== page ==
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It’s All About the Borsa, the Skinny on Bags

 

There once were three Borse (Italian word for bags) that lived in a long skinny house. They were very excited to be going to Italy! Papa Borsa was big, blue and handsome with lots of pockets.  His favorite feature was a big pouch for an extra pair of shoes right on his front that was easily accessible. He could carry a newspaper, an umbrella or sometimes a yoga mat for mama in another side pouch. He also had a heart sleeve, a place he held dear, that carried mama’s lipstick and chapstick and anything small that would make mama look good at all times.

That’s why mama fell in love with him at first sight. He knew he was the brains of the family and carried the computer so he was always ready to compute.  He was so thoughtful, with a plastic sturdy bottom on the outside, so he wouldn’t bring dirt into the skinny house. He came from Lug and had lots of brothers and sisters in bright cheerful colors.

The Borse Family

 

Mama Borsa was an organizer, she wasn’t too big or too small, but just right. She had lots of pockets and zips and came with several straps so was very adjustable to all kinds of situations.  Since she was in charge of the purse strings she had a small change purse for credit cards, money and identity cards that clipped to her innards and could never be dropped or left on tables to be lost. She came from the family of Baggallini’s.  They were a family of zippy deep pockets and closures, known for their endurance and strength.  She was called Odessy by her family, but just mama at home.

Papa and Mama Borsa, had many children, but they decided for the trip to  Italy this year it was Veggie Borsa who should go. He was adopted from the check out aisle at the market and was the baby and liked to carry lots of things with him all the time and was very stretchy.  Mama had to keep an eye on him when shopping if he left her side.  He would be found with all kinds of gifts and goodies and since he was so flexible he would stretch and stretch until he filled up. Mama and Papa were always surprised that he could carry so much and still not be too heavy to carry home.  Papa Borsa was so proud of him! Especially when they went to market.   With Baby Veggie Borsa along you didn’t need to pay for Papersacks Borsa to carry the groceries home.  Baby Borsa was glad to help and never dropped or broke one thing! Even wet he never let the family down. He was a real bagger!  After a big day when he was ready for his nap he would fold up so tiny and could be tucked in almost anywhere!   And they all slept.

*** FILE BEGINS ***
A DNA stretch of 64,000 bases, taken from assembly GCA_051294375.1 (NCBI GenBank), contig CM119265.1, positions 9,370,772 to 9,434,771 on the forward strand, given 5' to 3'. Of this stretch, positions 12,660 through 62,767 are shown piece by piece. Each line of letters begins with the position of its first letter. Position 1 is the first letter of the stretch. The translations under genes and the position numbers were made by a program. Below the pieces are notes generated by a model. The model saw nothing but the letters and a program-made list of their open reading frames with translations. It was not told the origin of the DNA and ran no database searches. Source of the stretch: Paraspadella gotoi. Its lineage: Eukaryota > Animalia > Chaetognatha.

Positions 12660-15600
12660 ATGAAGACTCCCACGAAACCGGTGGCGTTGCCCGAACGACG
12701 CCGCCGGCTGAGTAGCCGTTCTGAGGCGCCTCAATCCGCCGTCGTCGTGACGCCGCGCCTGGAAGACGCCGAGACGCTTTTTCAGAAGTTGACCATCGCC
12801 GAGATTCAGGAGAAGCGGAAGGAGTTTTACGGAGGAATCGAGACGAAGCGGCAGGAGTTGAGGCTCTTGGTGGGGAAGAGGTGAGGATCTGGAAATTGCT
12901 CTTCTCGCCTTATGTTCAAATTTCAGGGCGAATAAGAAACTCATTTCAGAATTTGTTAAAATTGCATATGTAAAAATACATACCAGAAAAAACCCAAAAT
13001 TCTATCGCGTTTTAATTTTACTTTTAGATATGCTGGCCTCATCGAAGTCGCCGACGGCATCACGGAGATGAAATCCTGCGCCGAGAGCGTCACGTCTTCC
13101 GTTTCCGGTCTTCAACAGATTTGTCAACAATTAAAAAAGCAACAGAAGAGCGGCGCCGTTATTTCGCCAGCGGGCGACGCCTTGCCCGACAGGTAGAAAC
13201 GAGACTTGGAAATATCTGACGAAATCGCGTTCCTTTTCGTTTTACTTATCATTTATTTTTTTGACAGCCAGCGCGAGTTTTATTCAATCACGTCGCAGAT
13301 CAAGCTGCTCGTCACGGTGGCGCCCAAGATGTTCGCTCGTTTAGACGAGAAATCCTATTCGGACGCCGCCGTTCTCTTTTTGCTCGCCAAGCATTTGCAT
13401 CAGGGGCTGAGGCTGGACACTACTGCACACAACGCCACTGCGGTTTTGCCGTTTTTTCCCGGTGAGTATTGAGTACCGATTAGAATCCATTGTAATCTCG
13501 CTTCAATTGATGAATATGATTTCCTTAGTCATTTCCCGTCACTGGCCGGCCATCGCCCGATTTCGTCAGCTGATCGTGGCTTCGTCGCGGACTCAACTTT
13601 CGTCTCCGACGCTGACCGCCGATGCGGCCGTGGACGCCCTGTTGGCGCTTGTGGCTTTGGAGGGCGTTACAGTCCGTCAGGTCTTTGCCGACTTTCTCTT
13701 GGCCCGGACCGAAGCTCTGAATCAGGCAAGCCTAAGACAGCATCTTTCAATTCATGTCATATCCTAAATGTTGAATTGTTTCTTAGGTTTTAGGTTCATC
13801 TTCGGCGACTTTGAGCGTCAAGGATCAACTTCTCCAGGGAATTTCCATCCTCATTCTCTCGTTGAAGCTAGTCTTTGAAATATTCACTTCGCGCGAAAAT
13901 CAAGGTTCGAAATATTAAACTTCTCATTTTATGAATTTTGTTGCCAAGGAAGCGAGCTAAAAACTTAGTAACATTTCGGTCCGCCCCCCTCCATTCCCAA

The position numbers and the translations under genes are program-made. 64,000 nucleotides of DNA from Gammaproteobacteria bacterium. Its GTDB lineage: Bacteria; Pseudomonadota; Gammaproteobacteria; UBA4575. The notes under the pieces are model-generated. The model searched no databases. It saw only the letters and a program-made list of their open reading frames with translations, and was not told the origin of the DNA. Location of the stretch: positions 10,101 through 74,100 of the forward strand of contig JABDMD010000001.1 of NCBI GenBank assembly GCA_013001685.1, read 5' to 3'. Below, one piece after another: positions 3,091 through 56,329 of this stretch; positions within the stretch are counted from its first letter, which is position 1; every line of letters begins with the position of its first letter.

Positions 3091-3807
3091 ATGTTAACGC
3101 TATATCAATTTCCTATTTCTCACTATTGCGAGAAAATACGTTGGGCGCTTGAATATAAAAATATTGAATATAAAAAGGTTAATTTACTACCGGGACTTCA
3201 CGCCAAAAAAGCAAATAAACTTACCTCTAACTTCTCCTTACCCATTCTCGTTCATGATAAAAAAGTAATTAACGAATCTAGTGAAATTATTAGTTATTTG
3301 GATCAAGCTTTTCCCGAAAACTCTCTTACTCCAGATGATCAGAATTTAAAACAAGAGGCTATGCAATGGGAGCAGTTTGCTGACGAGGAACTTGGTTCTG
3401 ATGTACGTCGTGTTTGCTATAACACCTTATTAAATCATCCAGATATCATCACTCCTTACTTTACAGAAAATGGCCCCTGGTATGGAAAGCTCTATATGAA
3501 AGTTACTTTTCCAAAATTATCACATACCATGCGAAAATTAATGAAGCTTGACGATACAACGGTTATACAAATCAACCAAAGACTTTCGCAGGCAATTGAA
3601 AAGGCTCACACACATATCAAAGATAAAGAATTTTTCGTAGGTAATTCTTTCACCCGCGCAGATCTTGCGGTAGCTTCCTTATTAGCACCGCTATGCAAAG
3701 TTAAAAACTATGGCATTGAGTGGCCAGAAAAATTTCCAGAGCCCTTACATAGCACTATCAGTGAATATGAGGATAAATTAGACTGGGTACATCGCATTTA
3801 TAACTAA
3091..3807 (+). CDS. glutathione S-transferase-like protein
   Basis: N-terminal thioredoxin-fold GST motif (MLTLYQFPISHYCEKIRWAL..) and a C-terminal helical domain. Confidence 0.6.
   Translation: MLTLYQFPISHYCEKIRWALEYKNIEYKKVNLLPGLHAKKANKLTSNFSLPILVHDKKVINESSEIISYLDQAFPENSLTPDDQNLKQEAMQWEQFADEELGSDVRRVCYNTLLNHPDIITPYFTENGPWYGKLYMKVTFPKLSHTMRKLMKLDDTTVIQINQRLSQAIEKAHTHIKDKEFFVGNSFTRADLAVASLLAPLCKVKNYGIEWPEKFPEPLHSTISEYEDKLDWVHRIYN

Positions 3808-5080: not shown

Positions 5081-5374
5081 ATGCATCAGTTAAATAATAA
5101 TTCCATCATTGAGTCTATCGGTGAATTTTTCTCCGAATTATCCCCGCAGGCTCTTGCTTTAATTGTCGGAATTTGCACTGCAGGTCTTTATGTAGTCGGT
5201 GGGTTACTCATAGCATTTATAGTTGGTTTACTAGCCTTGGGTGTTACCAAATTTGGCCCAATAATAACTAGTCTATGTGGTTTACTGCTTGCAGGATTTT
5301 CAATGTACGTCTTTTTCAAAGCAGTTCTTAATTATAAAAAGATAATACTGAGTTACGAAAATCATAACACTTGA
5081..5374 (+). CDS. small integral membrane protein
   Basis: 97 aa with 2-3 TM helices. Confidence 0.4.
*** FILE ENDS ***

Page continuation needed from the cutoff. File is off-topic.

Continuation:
The Borse looked forward to the big plane ride to Italy. There was a big overhead bin where they all could cuddle.  Papa hoped he would meet a briefcase to discuss the world in general.  Mama hoped to delve into all the fashion and food of Italy with her new bag friends.  And Baby Veggie thought he might be the only one along for the ride.

The Mobil Mobile

IMG_1842Talking about mobile phones and apps I must say “Traveler Beware.” Talking, texting or checking email in a foreign country on your mobile phone can cost you big bucks. Well it does IMG_0793if you have an American telephone and are traveling outside the country! In the previous post I explained about City Guides from TripAdvisor. There are no data roaming charges for this app. Very important detail.  The same is true of Maplets, another great app, especially for places not found in the City Guides.

Also, I like  an app called Translate. Most young people speak English, and are very helpful.  But having a backup plan can never hurt.

When traveling outside your home country first notify your telephone provider to turn on the International services. If you do not do this your telephone will not work. Been there, done that and what a bummer that is. However, once your international service is on be prepared for the OMG moment when you see your telephone bill upon arriving home. It will be an eye opener for sure. On this trip to Italy I plan to buy a cheap mobile phone for local calls within the city and to other destinations in Italy. I am going to buy it at the airport upon arrival or wait until I  talk to the nuns at Casa di Santa Brigida in Rome where I’ll be staying.  I will let you know how that turns out in future blogs.  I will also discover how good, bad or ugly my Italian is.

I like taking pictures on my phone.  It is easy and convenient, but sometimes I  get a glare on it and have no idea what I am taking a picture of or my hand is wobbly and the picture is blurred. This does not stop me from taking the picture however.  I know how to use the delete button at the end of the day! On the other hand, I also like to use a small camera that can be carried in a small purse or bag (notice I said small purse) and takes great pictures too.  Now I am a “snap and go” kind of gal. I envy those big fancy cameras that I see around the necks of tourists. But, I know I am not going to lug them around or fiddle with lens or tri-pods. My idea of a good camera is one not too big, easy to use, (which translates I don’t have to read a thick manual or take lessons to use it) one that has geo-tracking and the date the picture was taken.  Oh, some editing features are helpful, like the ones that can take out stuff that you particularly don’t want to see. Back of heads sound familiar? When I travel I don’t want to look like a tourist.  I want to look and feel like a local just out taking a picture or two or thousand!

Next….. It’s all about the borsa!

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